A Religious Zionist Foreign Policy

It bothers me that much of the Religious Zionist world has turned inward.   “The world will never care about our needs.” “Such and such will always hate us.” “We need to fend for ourselves.”  Personally, I see us as in a better position than this, even with an obligation over us to act inversely to this inclination to reject the world that has so unfairly dealt with the Jewish people and now with their Jewish state.  There is a fundamental approach to global politics in the books of the Prophets, and here’s what I suggest it means:

It’s in Isaiah, Chapter 2: “Out of Zion shall come forth the Torah and the Word of the Lord from Jerusalem.” But I translate the word “Torah” while others might not:

“Out of Zion shall come forth the Law and the Word of the Lord from Jerusalem.”

Why? Torah isn’t the body religious rituals we typically define it as today; it’s much, much more. It’s a body of law.  It’s a code.  It’s an ethic that should have much broader influence. For me, this verse embodies another duty of the Jewish religion: to influence the international law and ethic that the world should abide by. It’s been over 2,500 years since this statement was first made, but it couldn’t have a clearer resonance for me today.

(photo credit: CC-BY-SA khrawlings on Flickr)

I can’t go so far to claim this is actually Jewish law, but it certainly provides an enticing template for action.

This, in my humble opinion, is the key value to a Jewish foreign policy; definitely a Zionist foreign policy but more importantly a Jewish one. What are those laws, ethics and values that Judaism should project via the vessel of the State of Israel? That’s a matter of healthy debate among the committed and devout Jews who believe in international justice, though I have my own suggestions below. That doesn’t imply only Orthodox Jews would have a monopoly on defining them, either. The often-touted “Tikkun Olam” – ‘Betterment of the World’ – that is a central tenet for Conservative and Reform Jews is something that adds a healthy dose of universal, international concern to the Jewish religion. As an Orthodox Jew, I’d say that the community sees the philosophy of “Tikkun Olam” as much more Jewish-focused. The two approaches do not conflict; rather, they compliment each other.  That’s what is so critical here, matching the advocacy for our internal Jewish and Israeli interests in the external, international arena.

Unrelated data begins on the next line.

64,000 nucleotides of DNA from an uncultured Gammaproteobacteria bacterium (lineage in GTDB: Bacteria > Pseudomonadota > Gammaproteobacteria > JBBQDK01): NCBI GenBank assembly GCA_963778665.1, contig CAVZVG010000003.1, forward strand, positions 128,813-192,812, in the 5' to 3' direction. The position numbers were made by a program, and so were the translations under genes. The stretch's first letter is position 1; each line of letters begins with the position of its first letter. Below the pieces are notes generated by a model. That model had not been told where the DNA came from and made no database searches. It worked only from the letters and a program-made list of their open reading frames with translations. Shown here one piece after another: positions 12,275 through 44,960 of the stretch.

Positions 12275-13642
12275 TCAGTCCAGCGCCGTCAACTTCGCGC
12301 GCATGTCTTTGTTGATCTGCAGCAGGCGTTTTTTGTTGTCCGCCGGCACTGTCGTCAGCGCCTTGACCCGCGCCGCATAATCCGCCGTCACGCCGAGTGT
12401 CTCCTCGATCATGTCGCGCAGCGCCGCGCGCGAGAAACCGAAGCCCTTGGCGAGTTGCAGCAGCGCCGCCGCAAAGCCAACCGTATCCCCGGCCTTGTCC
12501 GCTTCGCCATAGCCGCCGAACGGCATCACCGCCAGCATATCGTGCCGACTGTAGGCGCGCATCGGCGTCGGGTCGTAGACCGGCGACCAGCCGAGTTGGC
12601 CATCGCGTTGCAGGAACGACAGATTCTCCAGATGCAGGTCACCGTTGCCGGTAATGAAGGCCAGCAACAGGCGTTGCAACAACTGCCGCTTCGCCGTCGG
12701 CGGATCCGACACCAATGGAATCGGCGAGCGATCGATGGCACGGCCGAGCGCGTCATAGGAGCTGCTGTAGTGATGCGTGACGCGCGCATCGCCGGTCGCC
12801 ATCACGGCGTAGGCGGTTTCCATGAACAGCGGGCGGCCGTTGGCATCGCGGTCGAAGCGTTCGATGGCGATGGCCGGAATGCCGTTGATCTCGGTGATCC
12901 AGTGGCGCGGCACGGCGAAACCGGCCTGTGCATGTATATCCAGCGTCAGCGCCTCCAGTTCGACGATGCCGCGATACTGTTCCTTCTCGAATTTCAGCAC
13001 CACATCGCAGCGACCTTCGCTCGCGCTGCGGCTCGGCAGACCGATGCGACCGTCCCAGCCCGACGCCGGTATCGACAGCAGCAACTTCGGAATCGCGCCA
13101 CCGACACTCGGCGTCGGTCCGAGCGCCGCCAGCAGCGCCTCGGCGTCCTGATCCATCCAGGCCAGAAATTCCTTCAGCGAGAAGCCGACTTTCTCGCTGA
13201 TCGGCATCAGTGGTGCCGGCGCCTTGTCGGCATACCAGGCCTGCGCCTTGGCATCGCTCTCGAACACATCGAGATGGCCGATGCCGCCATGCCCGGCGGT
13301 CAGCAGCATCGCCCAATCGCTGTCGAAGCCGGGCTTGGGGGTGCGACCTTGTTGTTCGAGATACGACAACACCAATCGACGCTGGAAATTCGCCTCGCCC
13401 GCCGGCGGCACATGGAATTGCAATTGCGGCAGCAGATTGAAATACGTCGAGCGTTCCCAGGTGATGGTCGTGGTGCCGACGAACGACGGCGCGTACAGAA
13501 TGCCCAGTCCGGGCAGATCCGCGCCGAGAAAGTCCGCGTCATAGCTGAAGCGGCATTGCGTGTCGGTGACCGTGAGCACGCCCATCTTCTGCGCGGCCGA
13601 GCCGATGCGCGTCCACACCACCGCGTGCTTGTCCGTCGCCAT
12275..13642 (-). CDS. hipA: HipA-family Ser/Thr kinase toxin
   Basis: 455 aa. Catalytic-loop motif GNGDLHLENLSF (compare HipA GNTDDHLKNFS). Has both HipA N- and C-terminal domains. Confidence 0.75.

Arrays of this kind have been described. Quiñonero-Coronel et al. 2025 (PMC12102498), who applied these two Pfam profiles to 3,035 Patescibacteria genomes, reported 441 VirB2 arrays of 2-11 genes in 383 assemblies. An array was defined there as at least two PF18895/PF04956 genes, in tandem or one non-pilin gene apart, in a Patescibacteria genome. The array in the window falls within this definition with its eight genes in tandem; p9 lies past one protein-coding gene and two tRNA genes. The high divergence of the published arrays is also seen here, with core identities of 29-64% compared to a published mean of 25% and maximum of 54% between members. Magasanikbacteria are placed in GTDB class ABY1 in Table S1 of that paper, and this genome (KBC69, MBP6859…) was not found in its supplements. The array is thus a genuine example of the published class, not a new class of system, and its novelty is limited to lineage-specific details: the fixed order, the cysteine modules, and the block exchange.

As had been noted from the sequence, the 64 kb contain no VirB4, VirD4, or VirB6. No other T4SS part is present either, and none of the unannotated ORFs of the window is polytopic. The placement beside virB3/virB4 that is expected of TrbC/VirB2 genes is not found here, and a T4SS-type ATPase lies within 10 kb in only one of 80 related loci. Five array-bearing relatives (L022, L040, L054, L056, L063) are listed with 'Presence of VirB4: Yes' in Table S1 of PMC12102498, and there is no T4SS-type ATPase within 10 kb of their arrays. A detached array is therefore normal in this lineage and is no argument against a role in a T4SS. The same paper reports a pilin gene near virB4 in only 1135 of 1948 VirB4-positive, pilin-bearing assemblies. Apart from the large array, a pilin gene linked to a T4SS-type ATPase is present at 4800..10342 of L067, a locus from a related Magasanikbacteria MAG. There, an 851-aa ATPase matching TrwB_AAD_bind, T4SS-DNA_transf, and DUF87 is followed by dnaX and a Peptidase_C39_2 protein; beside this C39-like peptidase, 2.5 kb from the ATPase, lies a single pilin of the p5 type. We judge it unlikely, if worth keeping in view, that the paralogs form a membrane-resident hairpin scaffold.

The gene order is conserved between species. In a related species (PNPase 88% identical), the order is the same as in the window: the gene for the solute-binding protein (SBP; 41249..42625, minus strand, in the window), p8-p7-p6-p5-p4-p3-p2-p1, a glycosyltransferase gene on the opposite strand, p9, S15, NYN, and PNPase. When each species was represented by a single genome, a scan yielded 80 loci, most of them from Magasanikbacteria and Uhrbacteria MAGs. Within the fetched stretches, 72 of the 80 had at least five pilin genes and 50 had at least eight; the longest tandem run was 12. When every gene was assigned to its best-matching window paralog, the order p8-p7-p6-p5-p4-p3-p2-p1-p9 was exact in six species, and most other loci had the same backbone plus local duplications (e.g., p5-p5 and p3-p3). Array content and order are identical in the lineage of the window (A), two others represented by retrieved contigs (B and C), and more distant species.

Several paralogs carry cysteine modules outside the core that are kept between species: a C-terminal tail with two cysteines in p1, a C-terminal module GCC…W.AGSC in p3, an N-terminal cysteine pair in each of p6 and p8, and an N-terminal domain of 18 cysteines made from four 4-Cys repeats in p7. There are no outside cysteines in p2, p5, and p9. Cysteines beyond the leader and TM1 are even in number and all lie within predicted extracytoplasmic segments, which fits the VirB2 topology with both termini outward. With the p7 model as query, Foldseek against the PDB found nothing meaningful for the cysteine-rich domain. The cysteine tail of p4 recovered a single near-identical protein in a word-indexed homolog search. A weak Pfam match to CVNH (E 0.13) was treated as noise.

(photo credit: CC-BY-SA swallroth on Flickr)

The State of Israel faces a bold list of challenges in the international arena, but what the state can do to mitigate those difficulties are perfectly in line with the philosophy that Judaism might expect of a state based on Jewish values: the value of justice.

1. Israel has many grievances with the international community and its lopsided organization that favors ethnic blocs of countries like the Arab World or the European Union but isolates ethnic-minority states like the Jewish state of Israel, the island of Taipei and the newly independent province of Kosovo.

2. The laws of war must be updated to address the dynamics of guerrilla, asymmetric warfare terrorist organizations like Hamas and Hezbollah use that often violate the traditional ethics of conflict, unfairly demanding stricter standards for states in fighting flagrant abusers of human rights like these organizations I just mentioned.

3. Finally, the international community via the United Nations has arrogantly inserted itself inappropriately as a claimant to the holy city of Jerusalem.  The UN has never policed the city and has no plans to ever do so, yet still refuses to recognize West Jerusalem, let alone the East, as the legitimate sovereign territory of Israel.  The importance is all the greater when it comes to the need to stress the Jewish connection to the Temple Mount, the sapphire in the crown that is this city.

These are unacceptable realities that demand change.  No matter how hopeless the arrival of that change might be in the next few years, an assertive foreign policy can press these issues until the world eventually relents.   Israel can make these demands and press its strengths in the context of an idealist approach to the world where the love for international justice is greatest in the Holy City – from Zion as Isaiah would say – from Jerusalem.

About the Author
Gedalyah Reback is an experienced writer on technology, startups, the Middle East and Islam. He also focuses on issues of personal status in Judaism, namely conversion.